From May to November in 2 hours flat

From May to November in 2 hours flat »Play Video
Stitched video image of a web camera atop the UW Atmospheric Sciences Building taken at roughly noon (left) and 2 p.m. (right) on May 19, 2010.

SEATTLE -- We were getting asked about it all morning Wednesday as people looked out windows to blazing sunshine here in Seattle: "Is the storm still coming? "What about the winds?".

By early afternoon, the question no longer needed to be posed as a driving rain swept into the region, bringing some gusty winds for the ride, mainly gusting between 30-40 mph but there were a few spots that managed gusts over 60 mph.

Green River C.C. was closed in Auburn after a tree knocked out power to 3,000 people Wednesday afternoon. Only a few scattered outages remained by Wednesday night.

In Kenmore, 6,000 customers lost power after a tree fell on a substation, but power was restored within hours. In Grays Harbor County, 1,300 people were left in the dark, but power was restored to most of the customers by the evening.

As expected, the wind champions were along the coast. Both Hoquiam and Forks recorded gusts of 60 mph. A spotter in Enumclaw said he recorded a gust of 65 mph, and the gauge at Oak Harbor reported a gust of 46 mph.

The greater Tacoma area also had a brief gust to 49 mph when the front passed through in the afternoon, but otherwise, peak wind gusts for the storm were generally 35-45.

Here is a sampling of peak gusts:

  • Spanaway: 65 mph (Unofficial spotter report)
  • Hoquiam: 60 mph
  • Forks: 60 mph
  • Ocean Shores: 59 mph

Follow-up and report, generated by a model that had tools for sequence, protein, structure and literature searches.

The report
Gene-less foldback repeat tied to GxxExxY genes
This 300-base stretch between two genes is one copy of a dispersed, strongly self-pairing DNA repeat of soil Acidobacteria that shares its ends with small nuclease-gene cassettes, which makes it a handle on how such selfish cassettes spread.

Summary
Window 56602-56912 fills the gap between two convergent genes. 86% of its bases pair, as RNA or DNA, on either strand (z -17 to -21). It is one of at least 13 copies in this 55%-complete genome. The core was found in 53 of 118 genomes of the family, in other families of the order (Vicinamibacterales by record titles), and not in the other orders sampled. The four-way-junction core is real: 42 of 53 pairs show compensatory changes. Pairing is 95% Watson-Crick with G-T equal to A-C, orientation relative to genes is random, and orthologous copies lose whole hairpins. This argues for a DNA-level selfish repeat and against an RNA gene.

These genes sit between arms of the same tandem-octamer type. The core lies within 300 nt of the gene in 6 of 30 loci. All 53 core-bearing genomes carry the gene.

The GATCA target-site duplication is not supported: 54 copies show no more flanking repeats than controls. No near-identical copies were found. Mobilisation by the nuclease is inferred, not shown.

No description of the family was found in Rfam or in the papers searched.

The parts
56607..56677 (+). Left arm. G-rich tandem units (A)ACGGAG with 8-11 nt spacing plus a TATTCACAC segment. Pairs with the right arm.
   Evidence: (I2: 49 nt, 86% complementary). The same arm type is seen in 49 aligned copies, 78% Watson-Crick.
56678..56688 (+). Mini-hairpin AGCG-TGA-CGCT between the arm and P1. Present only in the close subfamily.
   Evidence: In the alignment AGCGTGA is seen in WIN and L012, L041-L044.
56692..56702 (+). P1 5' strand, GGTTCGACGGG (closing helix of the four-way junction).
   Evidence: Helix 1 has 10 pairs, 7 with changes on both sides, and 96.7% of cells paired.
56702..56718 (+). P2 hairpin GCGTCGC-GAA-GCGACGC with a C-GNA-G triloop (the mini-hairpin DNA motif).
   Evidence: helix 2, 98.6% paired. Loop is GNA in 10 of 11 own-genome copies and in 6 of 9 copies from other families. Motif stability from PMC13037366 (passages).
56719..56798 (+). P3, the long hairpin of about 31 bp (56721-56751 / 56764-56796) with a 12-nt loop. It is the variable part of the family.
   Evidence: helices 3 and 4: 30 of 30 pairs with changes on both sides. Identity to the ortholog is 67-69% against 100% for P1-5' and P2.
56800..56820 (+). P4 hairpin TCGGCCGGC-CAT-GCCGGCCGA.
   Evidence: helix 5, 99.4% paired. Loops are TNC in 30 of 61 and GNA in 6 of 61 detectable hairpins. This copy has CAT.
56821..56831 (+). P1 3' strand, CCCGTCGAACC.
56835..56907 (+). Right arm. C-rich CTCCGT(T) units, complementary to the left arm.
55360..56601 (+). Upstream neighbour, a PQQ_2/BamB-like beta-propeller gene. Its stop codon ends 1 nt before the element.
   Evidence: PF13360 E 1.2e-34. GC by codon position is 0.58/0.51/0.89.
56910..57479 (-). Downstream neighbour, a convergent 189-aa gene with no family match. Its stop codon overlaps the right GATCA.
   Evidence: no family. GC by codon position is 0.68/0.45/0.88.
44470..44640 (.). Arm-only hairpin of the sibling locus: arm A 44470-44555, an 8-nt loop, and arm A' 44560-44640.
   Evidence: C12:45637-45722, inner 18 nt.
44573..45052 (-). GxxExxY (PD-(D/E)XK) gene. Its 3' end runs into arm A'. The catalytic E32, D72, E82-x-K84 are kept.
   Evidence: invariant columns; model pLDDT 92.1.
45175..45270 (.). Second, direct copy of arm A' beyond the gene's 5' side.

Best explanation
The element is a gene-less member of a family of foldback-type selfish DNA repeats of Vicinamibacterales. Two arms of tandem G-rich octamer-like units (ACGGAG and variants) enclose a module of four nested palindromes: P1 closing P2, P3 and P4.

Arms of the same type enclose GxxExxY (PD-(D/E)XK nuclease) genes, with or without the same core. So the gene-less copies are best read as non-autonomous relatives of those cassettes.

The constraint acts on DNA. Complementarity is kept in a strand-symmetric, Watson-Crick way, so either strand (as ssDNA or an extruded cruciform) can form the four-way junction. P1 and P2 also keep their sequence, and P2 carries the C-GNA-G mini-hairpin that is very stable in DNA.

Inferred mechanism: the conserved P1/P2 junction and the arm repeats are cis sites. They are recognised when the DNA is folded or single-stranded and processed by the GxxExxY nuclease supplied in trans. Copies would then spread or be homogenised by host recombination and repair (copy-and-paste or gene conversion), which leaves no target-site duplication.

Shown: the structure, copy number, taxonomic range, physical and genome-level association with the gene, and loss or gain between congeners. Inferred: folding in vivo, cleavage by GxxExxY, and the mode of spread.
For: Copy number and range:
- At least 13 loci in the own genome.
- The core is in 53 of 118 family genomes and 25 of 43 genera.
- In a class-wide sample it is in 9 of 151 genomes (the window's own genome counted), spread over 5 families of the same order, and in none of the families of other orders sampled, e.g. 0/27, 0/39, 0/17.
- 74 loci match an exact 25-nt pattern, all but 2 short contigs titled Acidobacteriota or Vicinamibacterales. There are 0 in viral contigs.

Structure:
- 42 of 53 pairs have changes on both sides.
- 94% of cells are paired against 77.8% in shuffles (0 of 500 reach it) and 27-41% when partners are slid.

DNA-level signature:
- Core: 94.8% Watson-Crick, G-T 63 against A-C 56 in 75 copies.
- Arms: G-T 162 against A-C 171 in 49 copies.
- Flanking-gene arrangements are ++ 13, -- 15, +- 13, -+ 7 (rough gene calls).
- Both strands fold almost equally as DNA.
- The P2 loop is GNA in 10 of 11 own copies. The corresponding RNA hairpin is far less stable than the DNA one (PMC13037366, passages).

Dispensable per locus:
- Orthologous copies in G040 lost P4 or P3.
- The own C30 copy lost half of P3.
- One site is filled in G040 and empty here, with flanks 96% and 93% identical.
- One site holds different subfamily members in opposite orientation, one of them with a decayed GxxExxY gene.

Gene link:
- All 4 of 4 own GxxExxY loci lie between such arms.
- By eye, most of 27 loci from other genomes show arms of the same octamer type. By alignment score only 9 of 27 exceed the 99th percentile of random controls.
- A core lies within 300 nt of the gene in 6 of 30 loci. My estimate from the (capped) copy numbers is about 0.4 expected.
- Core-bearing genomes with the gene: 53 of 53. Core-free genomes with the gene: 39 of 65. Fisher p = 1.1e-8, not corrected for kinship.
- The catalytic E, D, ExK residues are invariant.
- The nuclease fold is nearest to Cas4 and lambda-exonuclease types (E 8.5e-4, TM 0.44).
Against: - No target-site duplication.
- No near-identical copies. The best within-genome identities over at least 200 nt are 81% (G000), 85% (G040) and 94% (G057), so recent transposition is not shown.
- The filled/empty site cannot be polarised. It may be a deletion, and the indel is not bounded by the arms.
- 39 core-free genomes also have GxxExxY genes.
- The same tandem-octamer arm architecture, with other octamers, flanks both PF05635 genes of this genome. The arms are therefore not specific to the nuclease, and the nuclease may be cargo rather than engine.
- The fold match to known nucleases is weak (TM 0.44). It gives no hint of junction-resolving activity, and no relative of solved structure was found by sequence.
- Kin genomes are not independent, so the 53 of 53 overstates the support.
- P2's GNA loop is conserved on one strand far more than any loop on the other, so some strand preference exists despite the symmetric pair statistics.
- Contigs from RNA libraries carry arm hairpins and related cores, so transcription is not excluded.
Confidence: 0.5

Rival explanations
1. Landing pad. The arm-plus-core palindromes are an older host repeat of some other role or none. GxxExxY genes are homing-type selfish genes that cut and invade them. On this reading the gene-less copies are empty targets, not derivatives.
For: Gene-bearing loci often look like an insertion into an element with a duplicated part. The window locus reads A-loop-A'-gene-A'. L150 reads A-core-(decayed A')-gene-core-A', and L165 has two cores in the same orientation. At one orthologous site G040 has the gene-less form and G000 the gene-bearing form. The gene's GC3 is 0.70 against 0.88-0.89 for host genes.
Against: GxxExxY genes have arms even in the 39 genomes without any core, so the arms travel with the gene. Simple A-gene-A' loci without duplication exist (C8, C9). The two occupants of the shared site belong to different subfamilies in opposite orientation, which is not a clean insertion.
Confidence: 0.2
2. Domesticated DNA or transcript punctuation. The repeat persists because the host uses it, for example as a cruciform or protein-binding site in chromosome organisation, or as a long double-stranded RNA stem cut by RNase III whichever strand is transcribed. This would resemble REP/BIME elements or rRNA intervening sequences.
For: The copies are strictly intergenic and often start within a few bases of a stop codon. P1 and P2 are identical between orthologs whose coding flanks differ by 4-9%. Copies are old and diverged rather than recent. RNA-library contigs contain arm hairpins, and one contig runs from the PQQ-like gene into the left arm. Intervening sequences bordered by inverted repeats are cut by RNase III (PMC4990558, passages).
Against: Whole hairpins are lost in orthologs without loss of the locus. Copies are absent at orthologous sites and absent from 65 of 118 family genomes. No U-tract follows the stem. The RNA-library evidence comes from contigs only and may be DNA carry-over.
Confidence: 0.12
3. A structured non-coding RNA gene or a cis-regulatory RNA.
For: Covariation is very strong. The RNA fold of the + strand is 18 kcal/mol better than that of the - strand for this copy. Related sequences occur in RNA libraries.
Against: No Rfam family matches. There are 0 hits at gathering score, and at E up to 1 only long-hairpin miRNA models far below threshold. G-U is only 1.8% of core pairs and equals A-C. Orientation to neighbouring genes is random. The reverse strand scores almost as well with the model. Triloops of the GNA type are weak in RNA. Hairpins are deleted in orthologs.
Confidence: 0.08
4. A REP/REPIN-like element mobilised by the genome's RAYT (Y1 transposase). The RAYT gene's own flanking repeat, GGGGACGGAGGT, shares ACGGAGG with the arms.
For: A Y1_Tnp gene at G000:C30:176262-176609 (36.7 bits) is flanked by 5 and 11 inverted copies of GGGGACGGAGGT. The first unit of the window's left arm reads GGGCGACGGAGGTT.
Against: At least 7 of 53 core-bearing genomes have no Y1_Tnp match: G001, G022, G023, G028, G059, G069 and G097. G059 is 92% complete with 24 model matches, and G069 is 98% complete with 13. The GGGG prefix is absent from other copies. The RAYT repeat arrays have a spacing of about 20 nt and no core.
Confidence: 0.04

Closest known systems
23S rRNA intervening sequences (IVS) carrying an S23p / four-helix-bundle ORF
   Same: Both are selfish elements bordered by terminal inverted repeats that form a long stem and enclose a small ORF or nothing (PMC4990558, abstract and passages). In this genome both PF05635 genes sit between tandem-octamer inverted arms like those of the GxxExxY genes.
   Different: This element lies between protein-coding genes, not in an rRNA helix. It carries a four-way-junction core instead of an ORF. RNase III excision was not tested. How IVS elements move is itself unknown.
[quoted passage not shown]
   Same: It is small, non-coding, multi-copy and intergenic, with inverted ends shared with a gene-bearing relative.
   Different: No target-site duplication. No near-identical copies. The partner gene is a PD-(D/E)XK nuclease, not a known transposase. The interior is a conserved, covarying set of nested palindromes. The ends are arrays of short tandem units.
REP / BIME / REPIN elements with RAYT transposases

• Port Townsend: 56 mph
  • Bellingham (spotter): 54 mph
  • Bothell: 51 mph
  • Tacoma (Fort Lewis runway): 49 mph
  • Oak Harbor: 49 mph
  • Gig Harbor: 47 mph
  • Seattle (Alki Beach): 47 mph
  • Friday Harbor: 43 mph
  • Everett: 41 mph
  • Shelton: 41 mph
  • Bremerton: 40 mph
  • Seattle (Sand Point): 40 mph
  • Seattle (Sea-Tac): 38 mph

The winds tapered off in the early Thursday morning hours.

An Amazing Calm Before The Storm

I have to say the morning sunshine was quite unique with such a storm closing in -- one of the most stark calm periods before a storm that I can remember.

Usually, the clouds gradually increase and thicken for several hours before a storm arrives. But today, it was crystal clear as the storm approached. Driving in to work this morning, you could almost see every speck of Mt. Rainier, compared to times when there's just a few showers around and Rainier hides for a week. Temperatures at noon around Seattle were in the mid 60s with the sun still out.

Meanwhile, rain was falling just south of Olympia and heading this way.

I guess this is a factor of what happens when you try to sneak a wind storm into late spring -- you're fighting a propensity for a sunny day.

Anyway, here is a photo of a visible satellite image taken at noon. Note how clear it was over Seattle and how...not so clear it was over Olympia.

Hopefully people (and boaters in particular) didn't get caught off guard by the sunshine and ignore the forecasts of stronger wind and rain for the afternoon.

And here is time lapse video from the University of Washington Atmospheric Sciences Building from about 10 a.m. through 2 p.m. Watch how fast a sunny day turned into a rainy day.

And here is video our reporter Matt Markovich filmed in Normandy Park of just how much the weather changed in a few minutes!

Up in Everett, the change was even more drastic. At 1:53 p.m., Paine Field reported 72 degrees and partly sunny skies. At 2:35 p.m., it was raining and down to 61 degrees, and by 2:53 p.m., it had cooled to 56 degrees and rainy.  That's 16 degrees lost in an hour!

We'll keep a somewhat active pattern in this storm's wake for a few days with showers and possible afternoon thunderstorms in the offing through Friday, then we remove the thunderstorms and just keep isolated showers mixed into the sunbreaks over the weekend.